Turn your phone into a virtual reality portal [Deals]

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DSCVR easily turns almost any mobile device into a VR viewscreen.
DSCVR easily turns almost any mobile device into a VR viewscreen.
Photo: Cult of Mac Deals

Virtual reality is finally here…if you can afford it. Picking up one of those sleek new headsets is going to set you back hundreds of dollars, but why drop so much coin when you’ve already got most of what you need for immersive VR in your pocket? DSCVR easily turns your mobile device into a full fledged VR headset for iOS or Android, and right now you can get one for just $24.99.

This headset turns your smartphone into a virtual reality gateway [Deals]

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Homido's VR Headset converts your smartphone into the processor and screen for fully immersive virtual reality experiences.
Homido's VR Headset converts your smartphone into the processor and screen for fully immersive virtual reality experiences.
Photo: Cult of Mac Deals

The age of virtual reality is here, and you’re probably closer to taking part in this exciting new form of interaction and storytelling than you think. If you’ve got a smart phone, you’ve got most of what you need to drop into virtual reality today — the only other thing you’ll need is something like the Homido VR Headset. Simply slide your smartphone into the headset’s receiver and you’re on your way to another reality, all for $69.95 at Cult of Mac Deals.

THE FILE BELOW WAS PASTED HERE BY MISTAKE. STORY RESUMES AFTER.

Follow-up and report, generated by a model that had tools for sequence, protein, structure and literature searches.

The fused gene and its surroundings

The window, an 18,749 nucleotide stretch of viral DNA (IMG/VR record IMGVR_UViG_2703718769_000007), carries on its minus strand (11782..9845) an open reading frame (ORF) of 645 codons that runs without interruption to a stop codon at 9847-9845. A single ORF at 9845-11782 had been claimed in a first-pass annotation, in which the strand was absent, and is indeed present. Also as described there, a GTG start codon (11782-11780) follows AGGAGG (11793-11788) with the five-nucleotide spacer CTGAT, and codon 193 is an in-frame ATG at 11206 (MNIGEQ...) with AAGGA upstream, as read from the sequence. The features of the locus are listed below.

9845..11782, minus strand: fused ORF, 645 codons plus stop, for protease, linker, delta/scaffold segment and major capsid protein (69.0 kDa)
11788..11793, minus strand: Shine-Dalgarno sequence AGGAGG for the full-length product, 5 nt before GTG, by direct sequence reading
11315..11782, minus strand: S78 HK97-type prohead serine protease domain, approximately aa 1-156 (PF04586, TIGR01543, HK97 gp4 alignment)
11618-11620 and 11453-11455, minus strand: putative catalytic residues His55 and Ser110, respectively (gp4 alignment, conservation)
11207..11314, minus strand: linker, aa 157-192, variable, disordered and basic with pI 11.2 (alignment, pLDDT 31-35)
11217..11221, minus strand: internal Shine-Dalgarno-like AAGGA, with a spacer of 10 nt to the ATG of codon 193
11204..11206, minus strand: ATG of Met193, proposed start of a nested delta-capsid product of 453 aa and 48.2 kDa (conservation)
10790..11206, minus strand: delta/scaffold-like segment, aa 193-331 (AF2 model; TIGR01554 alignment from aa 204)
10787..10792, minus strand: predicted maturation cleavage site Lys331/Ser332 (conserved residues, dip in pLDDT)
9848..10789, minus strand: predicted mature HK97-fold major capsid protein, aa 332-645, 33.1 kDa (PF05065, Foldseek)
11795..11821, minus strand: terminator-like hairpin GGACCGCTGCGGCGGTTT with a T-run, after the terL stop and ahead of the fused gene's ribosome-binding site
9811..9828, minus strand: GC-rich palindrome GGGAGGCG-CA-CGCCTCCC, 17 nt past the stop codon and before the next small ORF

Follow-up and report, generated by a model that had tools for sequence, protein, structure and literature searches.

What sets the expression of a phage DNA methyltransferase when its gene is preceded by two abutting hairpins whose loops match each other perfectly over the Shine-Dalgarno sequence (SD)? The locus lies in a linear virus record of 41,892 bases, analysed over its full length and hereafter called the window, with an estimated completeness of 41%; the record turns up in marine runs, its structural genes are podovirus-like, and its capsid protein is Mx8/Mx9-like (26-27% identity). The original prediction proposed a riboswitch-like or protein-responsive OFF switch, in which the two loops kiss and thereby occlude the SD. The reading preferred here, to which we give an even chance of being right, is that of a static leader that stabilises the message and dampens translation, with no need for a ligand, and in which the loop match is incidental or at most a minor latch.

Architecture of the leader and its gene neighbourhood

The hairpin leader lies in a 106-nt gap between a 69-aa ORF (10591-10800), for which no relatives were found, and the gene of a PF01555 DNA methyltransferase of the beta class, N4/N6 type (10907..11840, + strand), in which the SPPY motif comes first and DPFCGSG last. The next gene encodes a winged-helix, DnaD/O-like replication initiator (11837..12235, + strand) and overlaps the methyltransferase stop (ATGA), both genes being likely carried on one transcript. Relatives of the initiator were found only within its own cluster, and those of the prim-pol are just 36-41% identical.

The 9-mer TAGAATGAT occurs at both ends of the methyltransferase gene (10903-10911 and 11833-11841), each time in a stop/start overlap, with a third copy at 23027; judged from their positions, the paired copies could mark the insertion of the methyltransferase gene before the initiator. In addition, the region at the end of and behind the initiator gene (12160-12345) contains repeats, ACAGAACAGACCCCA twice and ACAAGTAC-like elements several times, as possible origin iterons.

Virtual reality is going to make everyone sick — including companies that dump billions into it

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The awe you feel will be cut fairly short. Photo: Sergey Galyonkin/CC
The awe you feel will be cut fairly short. Photo: Sergey Galyonkin/CC

When my kids and I walked into a coffee shop one sunny day last month, we were greeted by a row of tables holding laptops with gaming demos.

My son gravitated toward the biggest display, a huge TV screen with a giant, face-obscuring set of goggles set in front of it. This was the Oculus Rift, the latest fad gaming device that places two stereoscopic images in front of your eyes to simulate virtual reality.

He slid the massive black eyewear onto his face, picked up the connected Xbox controller, and started moving his head around. The rest of us could see the game on the TV — an abstract shooting gallery in three dimensions, with my boy at the center, first-person style.

After about five minutes of waving his head around and pressing buttons on the controller, my son pushed the goggles up and off his head and said, “Dad, I think I’m going to be sick.”